Proposed changes to the state Constitution expanding when school elections can be held and modernizing language about who can vote failed to get the required 75 percent of the vote statewide, so they weren’t adopted. Or were they? In an unusual court challenge, the League of Women Voters is asking the state Supreme Court to rule that amendments that won majority approval in 2008, 2010 and 2014 – but failed to hit the 75 percent mark – are actually in effect. Changing most sections of the state Constitution requires the approval of only a simple majority of voters. But four sections, dealing with elections and with the educational rights of Spanish-speaking children, require a 75 percent approval.
New Mexico: House OKs voter ID bill that was previously blocked in committee | The Santa Fe New Mexican
In the past, it was almost an annual ritual in the New Mexico House of Representatives: Republicans would introduce bills to require most voters to show photo identification at the polls, and Democrats would vote them down in committee. But early Tuesday morning, what would have been impossible before the GOP took control of the House in the last election actually happened: The House passed a voter ID bill. At about 1:30 a.m., after a three-hour debate, the House voted 36-26 along party lines to pass House Bill 340, sponsored by Rep. Cathrynn Brown, R-Carlsbad. It now goes to the Democrat-controlled Senate, where it is bound to have a tougher time.
The House voted to approve a voter ID bill after three hours of debate, the latest in a long line of Republican priorities that have passed this session. The bill, sponsored by Rep. Cathrynn Brown, R-Carlsbad, would require voters to present a form of identification when voting in person or by mail. The legislation passed on a 37-29 vote. While presenting the bill Brown said her aim was to prevent voter fraud no matter how prevalent it is. She argued that if laws were written based on how often crimes are committed, many current laws would be non-existent. “Frequency is not the test,” she said. Brown went on to say, “Some people say voter ID is a barrier, I say it’s a guardrail.” House Minority Leader Brian Egolf, D-Santa Fe, offered a floor amendment that would lessen some of the identification requirements. Egolf told the body that the amendment would avoid disenfranchising voters by allowing less stringent requirements for voter identification.
The House Government, Elections and Indian Affairs Committee voted to pass one bill related to voter ID, while the more strict version was tabled. However, lawmakers on the panel hinted that portions of the stricter bill will appear in the next version of the legislation that passed. The committee saw two different bills related to voter ID on Saturday in a lengthy hearing. The first—called a compromise bill by sponsors Rep. James Smith, R-Sandia Park, and Sen. Daniel Ivey-Soto, D-Albuquerque—passed on a party-line 6-5 vote with Republicans in favor. The other, a more strict voter ID bill—was sponsored by Rep. Cathrynn Brown, R-Carlsbad—was tabled on an 8-3 vote, with three Republicans voting against it.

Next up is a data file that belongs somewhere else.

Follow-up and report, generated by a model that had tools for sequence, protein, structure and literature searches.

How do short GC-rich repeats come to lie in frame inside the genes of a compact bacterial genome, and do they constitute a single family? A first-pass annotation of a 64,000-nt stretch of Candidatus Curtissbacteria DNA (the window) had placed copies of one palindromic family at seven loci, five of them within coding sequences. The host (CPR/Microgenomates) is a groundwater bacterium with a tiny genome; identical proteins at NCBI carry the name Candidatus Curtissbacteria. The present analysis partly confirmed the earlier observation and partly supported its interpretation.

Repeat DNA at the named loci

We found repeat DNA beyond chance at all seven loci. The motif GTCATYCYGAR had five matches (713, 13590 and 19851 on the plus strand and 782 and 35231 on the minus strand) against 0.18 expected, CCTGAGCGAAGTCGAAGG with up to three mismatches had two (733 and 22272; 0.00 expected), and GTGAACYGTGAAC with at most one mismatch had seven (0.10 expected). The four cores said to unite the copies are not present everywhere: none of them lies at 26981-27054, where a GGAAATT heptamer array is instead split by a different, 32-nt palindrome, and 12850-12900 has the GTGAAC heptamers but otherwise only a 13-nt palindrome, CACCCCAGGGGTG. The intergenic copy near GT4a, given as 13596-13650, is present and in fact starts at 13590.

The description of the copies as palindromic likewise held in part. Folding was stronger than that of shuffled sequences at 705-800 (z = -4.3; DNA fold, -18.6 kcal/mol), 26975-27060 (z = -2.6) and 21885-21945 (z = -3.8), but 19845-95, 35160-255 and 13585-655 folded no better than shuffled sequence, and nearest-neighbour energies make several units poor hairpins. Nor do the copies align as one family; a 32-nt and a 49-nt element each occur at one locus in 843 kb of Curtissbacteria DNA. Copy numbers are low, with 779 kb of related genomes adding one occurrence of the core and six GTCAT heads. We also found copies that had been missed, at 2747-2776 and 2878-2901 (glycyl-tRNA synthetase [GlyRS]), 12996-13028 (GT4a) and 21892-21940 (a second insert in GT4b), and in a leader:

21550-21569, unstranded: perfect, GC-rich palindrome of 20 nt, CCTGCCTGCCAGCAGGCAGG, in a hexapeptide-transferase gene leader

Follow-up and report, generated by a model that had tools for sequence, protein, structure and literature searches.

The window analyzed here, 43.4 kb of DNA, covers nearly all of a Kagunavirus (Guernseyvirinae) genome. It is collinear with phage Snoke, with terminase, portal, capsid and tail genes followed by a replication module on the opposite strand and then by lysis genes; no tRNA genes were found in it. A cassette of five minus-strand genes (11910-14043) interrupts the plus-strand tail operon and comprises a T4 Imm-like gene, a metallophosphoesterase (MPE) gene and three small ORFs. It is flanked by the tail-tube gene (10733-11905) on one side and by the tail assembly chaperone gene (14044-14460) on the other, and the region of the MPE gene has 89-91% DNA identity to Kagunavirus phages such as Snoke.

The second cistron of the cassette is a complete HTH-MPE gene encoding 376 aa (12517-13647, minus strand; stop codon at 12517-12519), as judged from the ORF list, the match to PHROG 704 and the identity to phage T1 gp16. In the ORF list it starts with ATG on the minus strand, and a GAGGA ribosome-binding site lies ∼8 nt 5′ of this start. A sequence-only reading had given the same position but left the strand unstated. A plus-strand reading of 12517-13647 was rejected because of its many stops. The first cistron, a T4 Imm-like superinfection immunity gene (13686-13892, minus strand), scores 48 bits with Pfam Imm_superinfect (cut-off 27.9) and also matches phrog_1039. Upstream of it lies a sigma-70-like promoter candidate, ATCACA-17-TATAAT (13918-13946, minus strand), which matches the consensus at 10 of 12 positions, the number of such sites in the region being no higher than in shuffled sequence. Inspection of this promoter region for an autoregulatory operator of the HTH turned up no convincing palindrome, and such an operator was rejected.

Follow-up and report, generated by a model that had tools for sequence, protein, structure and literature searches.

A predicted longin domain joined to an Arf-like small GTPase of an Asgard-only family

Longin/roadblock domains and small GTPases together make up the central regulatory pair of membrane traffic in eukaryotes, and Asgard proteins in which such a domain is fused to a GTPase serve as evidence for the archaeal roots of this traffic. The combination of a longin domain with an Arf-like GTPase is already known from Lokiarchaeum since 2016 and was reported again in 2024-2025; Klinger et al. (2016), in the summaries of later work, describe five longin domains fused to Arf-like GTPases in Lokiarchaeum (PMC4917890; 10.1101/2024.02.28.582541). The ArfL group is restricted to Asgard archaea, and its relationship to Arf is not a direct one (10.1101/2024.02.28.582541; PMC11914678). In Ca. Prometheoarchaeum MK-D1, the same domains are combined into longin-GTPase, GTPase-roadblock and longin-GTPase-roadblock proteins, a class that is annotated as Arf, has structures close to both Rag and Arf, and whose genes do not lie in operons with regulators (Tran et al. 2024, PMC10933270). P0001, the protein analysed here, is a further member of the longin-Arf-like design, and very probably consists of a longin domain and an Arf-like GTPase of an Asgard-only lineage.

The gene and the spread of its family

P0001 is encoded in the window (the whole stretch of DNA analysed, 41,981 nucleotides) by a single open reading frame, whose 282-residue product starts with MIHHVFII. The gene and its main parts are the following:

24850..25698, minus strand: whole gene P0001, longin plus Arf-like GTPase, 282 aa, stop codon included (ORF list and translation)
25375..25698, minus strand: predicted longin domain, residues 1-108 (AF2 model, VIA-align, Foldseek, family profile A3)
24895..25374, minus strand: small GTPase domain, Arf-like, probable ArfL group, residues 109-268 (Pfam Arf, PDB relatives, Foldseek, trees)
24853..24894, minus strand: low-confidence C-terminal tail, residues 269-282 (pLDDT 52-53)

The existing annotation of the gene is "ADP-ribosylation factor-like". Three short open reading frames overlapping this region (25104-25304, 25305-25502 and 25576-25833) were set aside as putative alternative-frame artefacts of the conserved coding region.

A piece of legislation that would put the decennial redistricting in New Mexico in the hands of an independent redistricting commission instead of the state legislature and governor failed in a Senate committee. “This is big,” Sen. Bill O’Neill said in reference to the changes the legislation would make. “This is huge. This is seismic.” The Senate Rules Committee voted overwhelmingly to table the bill, but not all because they disagreed with the bill itself or the sentiments the sponsor said brought him to introduce the legislation. The legislation is that “both the legislature and the executive do not make the final determination on the lines when it comes to redistricting,” according to O’Neill. “Rather an independent commission makes that final decision.
New Mexico: Secretary of State withholds support for voter ID bill that doesn’t require photos | Farmington Daily Times
Secretary of State Dianna Duran, who was re-elected in November after stressing her support for a photo identification requirement at polling places, is not supporting a bipartisan voter ID bill crafted by a Republican House member and a Democratic senator. Instead, she favors a more restrictive bill. In a memo issued Thursday, titled “Secretary of State’s Office 2015 Legislative Priorities,” Duran’s staff wrote that House Bill 61, sponsored by Rep. Rep. Jim Smith, R-Sandia Park, “allows for something less than full photo voter ID.” A yet-to-be-introduced bill by Republican Rep. Cathrynn Brown of Carlsbad, however, “does propose full photo ID,” according to the memo, which said Duran’s office “worked with Rep. Brown on the drafting of her bill.” Brown said Friday that her bill is still in the drafting stage. Smith is the newly appointed chairman of the House Government, Elections and Indian Affairs Committee — to which all voter ID bills will be referred.